A British court on Monday approved the extradition of a former Credit Suisse trader to the United States, where he is wanted over a $540-million fraud dating back to the subprime mortgage crisis.
The case of Kareem Serageldin will now be sent to Home Secretary Theresa May, the interior minister, who under British law has the final say over extraditions to the United States. She is expected to give the green light for the transfer to take place.
Serageldin, 39, the Swiss bank's former global head of structured credit, is accused of artificially inflating the prices of mortgage-backed bonds between August 2007 and February 2008, when their real value was plummeting.
Two former Credit Suisse colleagues who reported to him at the time pleaded guilty in a U.S. federal court in February of last year to charges of conspiracy to commit wire fraud and falsify books and records.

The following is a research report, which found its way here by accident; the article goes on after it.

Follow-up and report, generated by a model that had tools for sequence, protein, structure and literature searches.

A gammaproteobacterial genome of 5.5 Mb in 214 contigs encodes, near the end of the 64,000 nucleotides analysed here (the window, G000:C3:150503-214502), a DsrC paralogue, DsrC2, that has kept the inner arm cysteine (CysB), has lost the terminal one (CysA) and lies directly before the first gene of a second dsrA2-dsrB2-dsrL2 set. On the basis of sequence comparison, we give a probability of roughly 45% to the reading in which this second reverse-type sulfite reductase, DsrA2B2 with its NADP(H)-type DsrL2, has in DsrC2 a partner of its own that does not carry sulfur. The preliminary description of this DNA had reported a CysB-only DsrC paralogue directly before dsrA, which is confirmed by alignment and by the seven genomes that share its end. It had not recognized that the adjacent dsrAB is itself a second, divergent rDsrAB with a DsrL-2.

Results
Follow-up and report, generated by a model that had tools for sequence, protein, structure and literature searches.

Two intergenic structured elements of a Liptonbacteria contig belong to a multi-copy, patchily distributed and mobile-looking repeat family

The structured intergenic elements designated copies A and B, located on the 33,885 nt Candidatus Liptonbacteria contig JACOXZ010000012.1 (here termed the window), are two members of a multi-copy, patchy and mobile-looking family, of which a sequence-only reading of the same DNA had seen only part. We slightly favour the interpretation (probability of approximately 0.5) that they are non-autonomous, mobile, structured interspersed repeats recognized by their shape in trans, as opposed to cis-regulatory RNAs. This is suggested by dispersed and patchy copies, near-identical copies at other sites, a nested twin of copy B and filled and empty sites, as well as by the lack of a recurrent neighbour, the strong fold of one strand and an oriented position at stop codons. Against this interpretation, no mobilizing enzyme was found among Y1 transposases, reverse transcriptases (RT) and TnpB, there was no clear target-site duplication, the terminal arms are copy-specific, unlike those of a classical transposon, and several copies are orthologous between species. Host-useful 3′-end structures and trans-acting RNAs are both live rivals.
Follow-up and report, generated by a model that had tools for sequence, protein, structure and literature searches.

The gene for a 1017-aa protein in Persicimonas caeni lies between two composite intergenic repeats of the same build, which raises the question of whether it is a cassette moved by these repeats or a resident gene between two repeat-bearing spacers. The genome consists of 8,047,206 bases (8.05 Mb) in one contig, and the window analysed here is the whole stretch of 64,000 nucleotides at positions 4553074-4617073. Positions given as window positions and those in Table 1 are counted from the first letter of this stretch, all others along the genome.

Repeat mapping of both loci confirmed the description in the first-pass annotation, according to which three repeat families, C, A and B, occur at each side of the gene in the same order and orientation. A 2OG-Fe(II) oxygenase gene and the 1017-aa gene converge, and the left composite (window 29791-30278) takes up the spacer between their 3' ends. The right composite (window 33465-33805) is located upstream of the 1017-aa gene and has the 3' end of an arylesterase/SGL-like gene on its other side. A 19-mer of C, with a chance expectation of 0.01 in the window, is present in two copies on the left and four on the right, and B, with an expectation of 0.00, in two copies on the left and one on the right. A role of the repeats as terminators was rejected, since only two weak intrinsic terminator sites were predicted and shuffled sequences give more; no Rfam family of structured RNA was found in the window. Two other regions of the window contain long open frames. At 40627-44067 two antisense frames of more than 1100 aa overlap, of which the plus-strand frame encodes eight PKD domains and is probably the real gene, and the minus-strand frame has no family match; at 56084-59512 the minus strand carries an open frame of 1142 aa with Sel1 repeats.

The case was the first successful U.S. prosecution of employees of a major bank over wrongdoing connected to the subprime meltdown.
Serageldin's lawyer, Ben Brandon, had previously told Westminster Magistrates' Court that the ex-trader was close to reaching a plea agreement with U.S. authorities. But at Monday's hearing he made no mention of any negotiations or agreement.
Brandon did not contest Serageldin's extradition, which was approved by judge Quentin Purdy.
Under Britain's extradition procedures, May will issue her decision between four weeks and two months from now. Serageldin remains on bail until then.